When possible, we practice a combined anesthesia approach. This means using things such as epidurals and local nerve blocks along with general anesthetics. This allows a reduction in the amount of general anesthetic required, which improves safety and optimizes pain control.
Certain conditions may be seen exclusively, or more commonly, in association with certain breeds. The breed can be an important factor in your anesthetic plan.
Although pure anesthetic reactions rarely happen, they do occur. Greyhounds and other sighthounds such as whippets, metabolize many anesthetic drugs more slowly than other breeds, causing prolonged or pronounced anesthetic effects.
Herding breeds such as collies, border collies, Australian shepherds, shelties, etc, have a high prevalence for a mutation at the ABCB1 gene (formerly known as MDR1). This defect diminishes effectiveness of the blood-brain barrier, which normally prevents drugs and toxins from accumulating in brain tissue. This defect can result in severe, even fatal, drug reactions to certain anesthetic agents, and a host of other non-anesthetic drugs.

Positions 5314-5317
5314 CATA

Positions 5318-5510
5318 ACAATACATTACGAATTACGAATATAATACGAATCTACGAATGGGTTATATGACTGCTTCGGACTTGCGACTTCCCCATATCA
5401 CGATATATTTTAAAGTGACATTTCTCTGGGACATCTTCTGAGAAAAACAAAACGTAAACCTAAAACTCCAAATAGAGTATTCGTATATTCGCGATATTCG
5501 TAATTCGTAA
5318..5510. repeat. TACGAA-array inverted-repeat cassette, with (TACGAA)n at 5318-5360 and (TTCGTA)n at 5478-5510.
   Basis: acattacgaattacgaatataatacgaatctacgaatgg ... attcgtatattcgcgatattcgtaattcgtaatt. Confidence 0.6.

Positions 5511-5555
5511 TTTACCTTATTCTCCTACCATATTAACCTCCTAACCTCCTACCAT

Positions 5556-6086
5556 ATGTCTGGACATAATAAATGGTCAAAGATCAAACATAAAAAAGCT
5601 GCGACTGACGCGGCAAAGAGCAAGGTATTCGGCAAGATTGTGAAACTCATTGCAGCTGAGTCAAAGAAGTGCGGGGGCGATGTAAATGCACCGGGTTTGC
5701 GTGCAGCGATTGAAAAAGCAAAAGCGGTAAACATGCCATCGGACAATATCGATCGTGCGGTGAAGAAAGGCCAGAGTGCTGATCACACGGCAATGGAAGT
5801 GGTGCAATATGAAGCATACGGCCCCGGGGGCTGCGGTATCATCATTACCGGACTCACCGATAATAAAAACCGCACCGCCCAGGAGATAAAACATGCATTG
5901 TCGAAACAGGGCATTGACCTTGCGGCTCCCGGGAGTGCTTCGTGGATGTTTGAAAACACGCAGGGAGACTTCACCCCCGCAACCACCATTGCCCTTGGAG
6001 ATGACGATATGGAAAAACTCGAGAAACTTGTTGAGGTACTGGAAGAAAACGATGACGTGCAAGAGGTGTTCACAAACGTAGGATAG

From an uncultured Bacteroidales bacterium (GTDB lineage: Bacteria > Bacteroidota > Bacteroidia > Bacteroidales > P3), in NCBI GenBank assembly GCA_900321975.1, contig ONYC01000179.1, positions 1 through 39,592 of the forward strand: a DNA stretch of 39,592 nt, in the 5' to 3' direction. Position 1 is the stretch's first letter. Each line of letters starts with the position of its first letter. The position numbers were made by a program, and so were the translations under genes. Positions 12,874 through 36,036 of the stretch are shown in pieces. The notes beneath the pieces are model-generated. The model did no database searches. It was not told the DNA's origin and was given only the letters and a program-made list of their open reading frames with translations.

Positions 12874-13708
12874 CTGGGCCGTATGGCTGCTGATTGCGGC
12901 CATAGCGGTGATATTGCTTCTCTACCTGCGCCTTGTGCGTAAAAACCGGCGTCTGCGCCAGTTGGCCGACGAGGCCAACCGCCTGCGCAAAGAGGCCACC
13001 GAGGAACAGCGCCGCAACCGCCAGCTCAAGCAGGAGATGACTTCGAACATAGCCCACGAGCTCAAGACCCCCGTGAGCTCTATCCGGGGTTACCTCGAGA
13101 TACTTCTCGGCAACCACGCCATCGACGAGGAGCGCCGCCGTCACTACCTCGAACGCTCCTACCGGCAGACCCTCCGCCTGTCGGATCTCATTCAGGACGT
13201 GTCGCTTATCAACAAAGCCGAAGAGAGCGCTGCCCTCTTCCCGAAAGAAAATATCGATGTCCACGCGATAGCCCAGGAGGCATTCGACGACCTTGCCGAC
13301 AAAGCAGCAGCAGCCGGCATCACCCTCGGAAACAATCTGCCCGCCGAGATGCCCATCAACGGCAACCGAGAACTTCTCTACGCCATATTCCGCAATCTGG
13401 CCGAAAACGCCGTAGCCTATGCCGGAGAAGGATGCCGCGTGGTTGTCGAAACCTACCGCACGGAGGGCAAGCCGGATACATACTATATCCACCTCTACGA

Other breed factors do not relate specifically to drug metabolism but can influence anesthetic risk. For example, bulldogs and similar breeds such as pugs are called brachycephalics. They tend to have smaller tracheas, so we plan for smaller tubes. They have narrow nasal passages, and lots of tissue that can block their airways. We always have to take special care in monitoring these patients as they pose a special risk for developing breathing problems hours after anesthesia has ended.
Some breeds, such as boxers and Doberman pinschers, have higher than average incidence of cardiac issues. Particular care should be taken in screening these cases.
Individual patient factors are by far the most important part of the plan. These relate to the actual issues affecting an individual patient and are elucidated by compiling existing medical records, physical examination findings and diagnostic test results.